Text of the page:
I will never forget the story a friend told me of seeing her mom who had very large breasts change out of her bra for the first time with a look of immense relief. She asked her how they felt, and remembers her mom sighing, "Like bricks."

Weirder still, how many women feel about their breasts is based more on how we think we are supposed to feel about them depending on how they are perceived in the culture rather than how we actually feel.

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For instance, having big boobs is supposed to be great. "If I were you, I'd be playing with those in front of a mirror every day," I have been told at least one bajillion times a second my entire life. But every woman with big boobs is not living in nonstop bliss orgy of self-love: Big boobs hurt, are a pain, and don't get me started on how hard it is to find a good shirt (in fashion, big boobs are kinda trashy). To say nothing of the fact that they make us appear sexualized no matter what we are doing — ask any large breasted woman who's ever struggled to comply with workplace dress codes in spite of them. Sure, boobs are a wonderland I guess, if a wonderland means phenomenal sometimes but also fucking terrible.

Shire mentions the significance of Dodsworth's photo project:

Not all the women Dodsworth included had positive or affectionate things to say about their breasts. A 21-year-old talked about how male attention due to her breasts made her feel attractive when her mother had always made her worry about her weight; but her breasts were also a reminder of the unwanted sexual acts she was pressured into in college. A 33-year-old mother talked about how her breasts shrunk after nursing her children, and how it made her feel less feminine. A 101-year-old woman who fled Nazi occupation told of how an entire breast was removed when she discovered a lump nearly 50 years ago.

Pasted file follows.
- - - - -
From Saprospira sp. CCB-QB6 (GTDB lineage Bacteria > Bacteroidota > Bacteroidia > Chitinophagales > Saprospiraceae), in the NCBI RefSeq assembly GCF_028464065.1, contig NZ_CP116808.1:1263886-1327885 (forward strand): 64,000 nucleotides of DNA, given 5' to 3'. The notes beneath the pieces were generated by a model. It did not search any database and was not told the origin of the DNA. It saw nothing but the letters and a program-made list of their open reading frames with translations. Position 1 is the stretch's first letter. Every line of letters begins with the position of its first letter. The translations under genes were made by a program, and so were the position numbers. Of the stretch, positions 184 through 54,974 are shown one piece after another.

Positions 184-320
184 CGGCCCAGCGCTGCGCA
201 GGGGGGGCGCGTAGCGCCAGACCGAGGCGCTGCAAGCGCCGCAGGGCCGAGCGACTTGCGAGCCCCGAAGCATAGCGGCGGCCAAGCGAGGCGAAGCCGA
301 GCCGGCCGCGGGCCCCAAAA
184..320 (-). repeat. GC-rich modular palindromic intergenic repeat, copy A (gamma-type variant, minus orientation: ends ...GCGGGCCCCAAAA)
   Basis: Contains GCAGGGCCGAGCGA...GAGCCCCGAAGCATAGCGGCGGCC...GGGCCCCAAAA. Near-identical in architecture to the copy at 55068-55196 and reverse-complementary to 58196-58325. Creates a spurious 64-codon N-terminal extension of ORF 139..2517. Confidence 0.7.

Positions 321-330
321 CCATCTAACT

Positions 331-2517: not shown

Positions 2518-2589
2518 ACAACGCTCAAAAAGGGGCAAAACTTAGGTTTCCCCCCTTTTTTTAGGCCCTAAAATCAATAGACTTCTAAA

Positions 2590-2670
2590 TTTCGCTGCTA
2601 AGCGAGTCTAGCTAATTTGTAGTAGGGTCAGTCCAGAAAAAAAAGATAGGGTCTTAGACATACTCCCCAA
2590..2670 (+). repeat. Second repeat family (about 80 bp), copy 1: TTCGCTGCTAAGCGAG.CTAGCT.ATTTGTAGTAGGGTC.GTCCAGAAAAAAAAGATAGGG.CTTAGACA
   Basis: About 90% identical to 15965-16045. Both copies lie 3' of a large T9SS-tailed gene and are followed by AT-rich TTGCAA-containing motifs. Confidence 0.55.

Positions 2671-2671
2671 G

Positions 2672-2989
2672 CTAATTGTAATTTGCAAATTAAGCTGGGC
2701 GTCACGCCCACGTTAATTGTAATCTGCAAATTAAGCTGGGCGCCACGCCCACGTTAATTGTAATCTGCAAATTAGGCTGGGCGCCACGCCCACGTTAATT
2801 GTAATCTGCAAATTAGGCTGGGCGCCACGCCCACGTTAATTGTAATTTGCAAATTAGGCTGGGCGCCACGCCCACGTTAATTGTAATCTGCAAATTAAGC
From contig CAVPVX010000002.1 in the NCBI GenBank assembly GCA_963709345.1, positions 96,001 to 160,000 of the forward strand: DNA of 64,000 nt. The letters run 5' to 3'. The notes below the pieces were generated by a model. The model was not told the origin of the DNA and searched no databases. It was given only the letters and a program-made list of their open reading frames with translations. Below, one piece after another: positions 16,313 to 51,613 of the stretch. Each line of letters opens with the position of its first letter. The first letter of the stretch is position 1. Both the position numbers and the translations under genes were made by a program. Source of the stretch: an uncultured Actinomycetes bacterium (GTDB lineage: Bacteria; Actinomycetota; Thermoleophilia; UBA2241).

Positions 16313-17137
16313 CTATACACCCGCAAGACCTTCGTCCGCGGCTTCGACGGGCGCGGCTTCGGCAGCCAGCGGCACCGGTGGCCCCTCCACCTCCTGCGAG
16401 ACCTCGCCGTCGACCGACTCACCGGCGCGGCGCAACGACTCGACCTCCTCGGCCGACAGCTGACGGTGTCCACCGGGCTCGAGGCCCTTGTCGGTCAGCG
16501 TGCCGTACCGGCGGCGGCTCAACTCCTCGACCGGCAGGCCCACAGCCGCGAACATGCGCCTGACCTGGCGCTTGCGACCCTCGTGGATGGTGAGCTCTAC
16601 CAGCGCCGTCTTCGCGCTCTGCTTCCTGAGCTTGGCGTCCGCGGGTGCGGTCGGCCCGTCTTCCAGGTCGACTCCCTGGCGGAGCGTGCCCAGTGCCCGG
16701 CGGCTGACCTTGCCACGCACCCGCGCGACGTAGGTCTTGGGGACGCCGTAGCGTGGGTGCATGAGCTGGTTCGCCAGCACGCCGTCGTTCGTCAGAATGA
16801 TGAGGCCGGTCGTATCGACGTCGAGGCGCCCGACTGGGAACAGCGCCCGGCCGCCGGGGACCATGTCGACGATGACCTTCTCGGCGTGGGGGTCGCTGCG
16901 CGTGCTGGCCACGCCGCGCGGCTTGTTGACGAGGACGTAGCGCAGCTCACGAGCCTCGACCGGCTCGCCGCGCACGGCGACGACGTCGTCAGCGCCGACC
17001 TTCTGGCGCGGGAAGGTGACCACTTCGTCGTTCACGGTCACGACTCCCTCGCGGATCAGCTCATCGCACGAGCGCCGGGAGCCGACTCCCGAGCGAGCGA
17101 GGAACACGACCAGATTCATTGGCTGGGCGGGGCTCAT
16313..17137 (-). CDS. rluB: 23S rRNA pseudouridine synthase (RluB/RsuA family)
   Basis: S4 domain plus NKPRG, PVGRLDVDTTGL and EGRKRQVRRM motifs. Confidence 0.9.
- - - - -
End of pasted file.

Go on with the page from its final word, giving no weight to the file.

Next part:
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This richness is not the conversation we're having about boobs in mainstream culture. In that world, boobs are only as good as the number of heads they turn, the desire they incite, the attention they garner. Or the jokes they inspire. Shire writes:

There is a long history of the mammary glands as comedy fodder. How many Benny Hill scenes involved the creepy, portly man zooming about perilously near an unfathomably stacked woman? More generally, how many basic comedy sketches are structured around a guy ogling a busty woman, flummoxed into stuttering or so distracted he walks into a wall? Heck, even the slang for breasts sound pretty silly—boobs, ta-tas, titties.

Of course, the jokes, the nomenclature, the people doing the creepy but supposed to be funny stares, are almost always men.

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Holy Christ, thanks for the mammaries, but that is finally changing. Shire cites a number of pop culture moments of boob breakthrough, woman-owned: the "Two Sports Bra" skit at College Humor where women wax honest about the liability of boobs in pursuing athleticism. The Free the Nipple movement to remove restrictions on female toplessness and female nipple exposure on social media.

And I would argue this is happening slowly but surely with all of our body parts. Period humor has never had heavier flow days than these. Wetlands — a raunchy coming of age story told through various fluids — is being touted as the grossest movie of the year, a "puerile delight," and it's about a woman. Who knows, maybe one day the definitive voice on women's bodies will come from actual women.

Demystifying women is an essential part of humanizing them, and we only needed bigger and better and more platforms to level this score. Because what is true of them is true of us: Our bodies are just as gross and hilarious and delightful as male bodies, and as long as we are telling the story, that is progress.

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Image via Getty.